It took nine days for pack mules to climb the nearly 6000 feet that separate Palm Springs, California and the top of Mt. San Jacinto, where foundations were bing built for towers to support a tramway which takes people up the mountain. To speed up the process, two helicopters were brought on the job to transport the loads. Concrete used in the footings had to be of high, uniform quality, but it was impossible to transport wet ready mixed concrete to those remote sites. there was no room on the mountain side to store dry materials. A high quality bagged dry concrete mix with guaranteed strengths seemed to be the only material that could be considered.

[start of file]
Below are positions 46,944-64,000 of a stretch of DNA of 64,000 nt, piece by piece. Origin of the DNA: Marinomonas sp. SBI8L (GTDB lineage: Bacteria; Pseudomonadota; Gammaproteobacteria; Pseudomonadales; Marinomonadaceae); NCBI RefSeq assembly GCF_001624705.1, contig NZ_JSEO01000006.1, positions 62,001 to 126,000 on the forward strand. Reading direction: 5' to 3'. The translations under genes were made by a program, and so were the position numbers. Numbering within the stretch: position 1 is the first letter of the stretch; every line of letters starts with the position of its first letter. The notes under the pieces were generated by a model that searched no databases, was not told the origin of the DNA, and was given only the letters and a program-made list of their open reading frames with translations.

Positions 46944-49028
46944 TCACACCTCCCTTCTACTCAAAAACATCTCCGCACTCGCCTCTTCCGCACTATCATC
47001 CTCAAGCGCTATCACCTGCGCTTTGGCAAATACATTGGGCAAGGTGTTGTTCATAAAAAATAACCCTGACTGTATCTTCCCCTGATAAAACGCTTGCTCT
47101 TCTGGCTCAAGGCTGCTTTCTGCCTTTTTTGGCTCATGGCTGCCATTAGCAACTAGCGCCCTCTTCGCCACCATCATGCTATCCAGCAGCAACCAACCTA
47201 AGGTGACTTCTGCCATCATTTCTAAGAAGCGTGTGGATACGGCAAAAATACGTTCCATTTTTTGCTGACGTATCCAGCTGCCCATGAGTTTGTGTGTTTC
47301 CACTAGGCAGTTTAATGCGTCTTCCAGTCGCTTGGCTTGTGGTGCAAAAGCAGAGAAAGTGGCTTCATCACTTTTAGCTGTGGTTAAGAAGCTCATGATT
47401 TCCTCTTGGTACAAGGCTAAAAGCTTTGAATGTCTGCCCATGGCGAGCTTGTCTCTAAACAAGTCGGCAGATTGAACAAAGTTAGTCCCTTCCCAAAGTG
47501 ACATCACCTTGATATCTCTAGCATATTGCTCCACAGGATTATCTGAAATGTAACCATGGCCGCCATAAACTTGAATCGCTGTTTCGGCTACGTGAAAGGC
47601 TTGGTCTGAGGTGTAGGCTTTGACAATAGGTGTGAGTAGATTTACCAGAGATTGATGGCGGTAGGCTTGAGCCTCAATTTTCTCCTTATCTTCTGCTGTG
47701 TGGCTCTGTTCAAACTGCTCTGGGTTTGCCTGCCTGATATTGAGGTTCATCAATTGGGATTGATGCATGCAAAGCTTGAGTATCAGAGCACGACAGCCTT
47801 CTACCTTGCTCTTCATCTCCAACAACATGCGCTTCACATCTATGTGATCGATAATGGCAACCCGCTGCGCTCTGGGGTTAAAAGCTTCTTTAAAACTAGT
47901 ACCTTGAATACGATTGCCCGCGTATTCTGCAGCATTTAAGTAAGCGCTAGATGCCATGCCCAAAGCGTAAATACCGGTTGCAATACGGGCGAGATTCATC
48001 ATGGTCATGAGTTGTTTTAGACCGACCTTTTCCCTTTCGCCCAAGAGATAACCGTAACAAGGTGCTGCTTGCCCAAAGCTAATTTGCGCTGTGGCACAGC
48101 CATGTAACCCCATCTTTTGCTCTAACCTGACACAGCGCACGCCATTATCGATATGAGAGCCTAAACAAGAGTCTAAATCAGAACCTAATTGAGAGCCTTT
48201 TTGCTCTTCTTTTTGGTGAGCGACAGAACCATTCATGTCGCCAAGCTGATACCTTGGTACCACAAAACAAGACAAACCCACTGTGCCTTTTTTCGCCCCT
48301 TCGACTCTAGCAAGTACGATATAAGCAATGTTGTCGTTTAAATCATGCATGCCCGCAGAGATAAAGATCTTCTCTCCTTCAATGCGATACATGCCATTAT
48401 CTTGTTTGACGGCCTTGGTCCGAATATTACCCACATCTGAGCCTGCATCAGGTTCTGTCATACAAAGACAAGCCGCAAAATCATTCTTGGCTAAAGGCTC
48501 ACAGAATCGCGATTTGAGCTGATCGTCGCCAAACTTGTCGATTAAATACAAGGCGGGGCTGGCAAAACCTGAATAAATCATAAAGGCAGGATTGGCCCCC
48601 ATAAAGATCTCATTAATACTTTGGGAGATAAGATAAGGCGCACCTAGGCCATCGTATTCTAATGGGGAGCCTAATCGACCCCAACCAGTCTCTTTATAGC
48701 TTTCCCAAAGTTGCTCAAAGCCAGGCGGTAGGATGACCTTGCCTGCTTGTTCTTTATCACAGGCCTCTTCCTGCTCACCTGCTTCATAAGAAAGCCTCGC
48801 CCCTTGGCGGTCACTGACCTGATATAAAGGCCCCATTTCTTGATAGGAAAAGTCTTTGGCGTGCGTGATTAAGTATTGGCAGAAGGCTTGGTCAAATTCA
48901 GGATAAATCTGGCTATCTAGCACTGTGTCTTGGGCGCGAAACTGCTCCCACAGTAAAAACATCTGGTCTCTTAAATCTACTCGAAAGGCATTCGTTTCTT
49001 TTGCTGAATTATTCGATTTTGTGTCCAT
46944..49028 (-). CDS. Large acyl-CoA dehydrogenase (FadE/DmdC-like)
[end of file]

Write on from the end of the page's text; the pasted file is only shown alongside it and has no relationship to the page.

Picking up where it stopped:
A dock was built at the Palm Springs elevation and sacks of dry mix concrete were delivered there by truck. The sacks were transferred, seven at a time, from fork lift pallets to a sling fastened to the helicopter. Each time a helicopter landed, its sling was loaded in a matter of minutes and another trip to the mountain top was in progress. Each helicopter made about 56 trips per day (7 per hour), delivering a total of about 800 bags per day. The 800 bags were stored at construction site so that enough concrete would be available for each of the widely separated massive footings.

Hauling by helicopter proved to be so successful that, as the job progressed, the concrete mixer, water, form lumber and even the crew were flown in to the work sites on a daily basis. And instead of reverting to delivery of bulk materials for construction of the summit station, it proved to be more economical to fly the dry mix concrete to the top of the mountain for the footings and concrete slabs required there.